An Adaption of Sefer Sha'arei Ephraim
*The wrong sefer Torah has been taken out in shul. "Rolling" it to the correct place will cause significant tircha d'tzibura. Can the sefer Torah be switched?
*The gabbai called someone up for shvi'i. The potential oleh indicated that he is a kohen. What should the gabbai do now?
*A sefer Torah was brought to a beis avel, where it was used only once or twice, since part of the shivah was in another location. After the shivah, is it necessary to conduct additional minyanim in the avel's home so that the sefer Torah should be used three times before being returned?
*May an Ashkenazi be yotzei with the Krias HaTorah of a Sephardi, or vice versa? May an Israeli get Chassan Torah on Simchas Torah outside of Eretz Yisrael?
A sefer Torah is the holiest of all Jewish articles. As such, extreme respect must be shown both toward it and to Krias HaTorah in general--which includes observing all the numerous halachos of Krias HaTorah. But where can one find the ins and outs of those many halachos?
The Sha'arei Ephraim, written some 200 years ago by Harav Ephraim Zalman Margolis zt"l, is a comprehensive sefer on the halachos of Krias HaTorah. The Chafetz Chaim himself refers frequently to it in his Mishnah Berurah. But the Sha'arei Ephraim is written in Lashon Hakodesh and thus has largely been inaccessible to the English-speaking public...until now.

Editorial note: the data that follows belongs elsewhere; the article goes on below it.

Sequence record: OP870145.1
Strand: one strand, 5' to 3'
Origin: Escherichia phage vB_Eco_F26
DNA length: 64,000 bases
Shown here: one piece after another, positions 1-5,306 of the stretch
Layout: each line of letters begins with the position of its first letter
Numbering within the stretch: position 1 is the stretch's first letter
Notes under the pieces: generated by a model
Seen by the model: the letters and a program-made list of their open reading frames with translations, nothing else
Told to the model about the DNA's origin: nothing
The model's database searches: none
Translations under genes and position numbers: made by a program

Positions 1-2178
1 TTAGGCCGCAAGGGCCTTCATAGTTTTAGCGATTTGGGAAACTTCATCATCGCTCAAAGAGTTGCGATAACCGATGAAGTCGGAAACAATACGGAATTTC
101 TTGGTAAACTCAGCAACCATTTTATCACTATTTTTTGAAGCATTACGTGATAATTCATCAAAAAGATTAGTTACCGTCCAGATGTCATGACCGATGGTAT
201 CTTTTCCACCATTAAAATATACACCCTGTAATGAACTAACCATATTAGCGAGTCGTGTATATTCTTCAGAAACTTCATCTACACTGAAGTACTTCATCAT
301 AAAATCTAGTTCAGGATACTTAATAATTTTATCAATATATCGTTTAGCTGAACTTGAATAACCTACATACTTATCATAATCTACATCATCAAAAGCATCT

The Laws and Customs of Krias HaTorah is an English adaptation of the Sha'arei Ephraim. Written in a clear, user-friendly format, this sefer is not only a great resource for rabbanim and gabbaim, it is a handbook for every person who goes to shul. Many common and not-so-common questions about the laws of Krias HaTorah are dealt with in this book, including all of the above scenarios. Extensive footnotes include the customs of Sephardim and other communities with regard to Krias HaTorah.
This sefer...excels in both the precise halachah, clarity, and proper logic.
--Harav Asher Weiss
The sefer is written with immense proficiency, clearly, and is easily understood. I really enjoyed it.
--Harav Simcha Bunim Cohen
By Rabbi Mordechai Fishman